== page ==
DNA from an unidentified ancestor can still be found in people living today

Hyperaxion Aug 7, 2020

Thanks to a new algorithm, genomic analysis revealed the presence of genes belonging to an unidentified ancestor in humans living today.

A new analysis of ancient genomes revealed that the human family tree is even more complex than previously thought. According to a team of researchers at Cornell University and Cold Spring Harbor Laboratory, both in the United States, some people still carry the genes of an unknown ancestor. The discovery was published this week in the journal PLOS Genetics.

DNA from an unidentified ancestor can still be found in people living today
(Credit: Pixabay).

For thousands of years, Homo sapiens coexisted and lived with other species of hominids, such as Neanderthals and Denisovans. They produced offspring – and genes from these other hominid species can still be found in our DNA.

In the new article, the researchers developed an algorithm to identify segments of DNA that may have come from other species, even though this genetic exchange occurred thousands of years ago. The genomes of two Neanderthals, one Denisovan and two African humans were studied.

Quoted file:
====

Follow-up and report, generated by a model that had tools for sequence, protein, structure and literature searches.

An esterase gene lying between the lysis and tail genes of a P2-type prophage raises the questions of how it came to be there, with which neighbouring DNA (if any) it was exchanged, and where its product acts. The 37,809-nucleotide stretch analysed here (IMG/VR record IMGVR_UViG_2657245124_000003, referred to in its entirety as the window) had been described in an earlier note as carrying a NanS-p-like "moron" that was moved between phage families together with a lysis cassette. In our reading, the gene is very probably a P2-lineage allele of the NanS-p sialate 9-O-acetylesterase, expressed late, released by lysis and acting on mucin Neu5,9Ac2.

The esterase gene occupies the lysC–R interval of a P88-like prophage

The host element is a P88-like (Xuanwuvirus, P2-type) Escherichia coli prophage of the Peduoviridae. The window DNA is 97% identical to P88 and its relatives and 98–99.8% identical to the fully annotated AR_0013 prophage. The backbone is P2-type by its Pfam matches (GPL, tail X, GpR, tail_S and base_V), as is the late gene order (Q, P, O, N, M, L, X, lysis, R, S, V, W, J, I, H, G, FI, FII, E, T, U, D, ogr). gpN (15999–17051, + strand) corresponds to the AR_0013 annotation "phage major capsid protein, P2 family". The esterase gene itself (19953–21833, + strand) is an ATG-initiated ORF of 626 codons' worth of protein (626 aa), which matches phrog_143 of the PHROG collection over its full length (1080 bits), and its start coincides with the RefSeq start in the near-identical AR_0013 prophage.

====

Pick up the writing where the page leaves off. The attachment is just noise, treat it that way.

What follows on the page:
According to the article, the researchers found evidence that 3% of the Neanderthal genome came from ancient humans and that interbreeding took place between 200,000 and 300,000 years ago.

In addition, 1% of the Denisovan genome probably came from an unknown and more distant relative, possibly Homo erectus – and about 15% of these “super-archaic” genes may have been passed down to humans living today.

The new findings confirm previously reported cases of genetic exchange between ancient humans and point to new cases of interbreeding.

The researchers believe that genetic exchange probably happened whenever two groups coexisted in a given region in the same period.

The new algorithm may be the solution to a major problem in genetic research today: the lack of ancient DNA available for study.

With current technology, we cannot study most of the ancient genes of our ancestors, but the authors believe that the new algorithm will enable the detailed study of genomes that have already been analyzed with other technologies.

“What I think is exciting about this work is that it demonstrates what you can learn about deep human history by jointly reconstructing the full evolutionary history of a collection of sequences from both modern humans and archaic hominins,” said Adam Siepel, co-author of the research, in a statement. “This new algorithm is able to reach back further in time than any other computational method I’ve seen. It seems to be especially powerful for detecting ancient introgression.”


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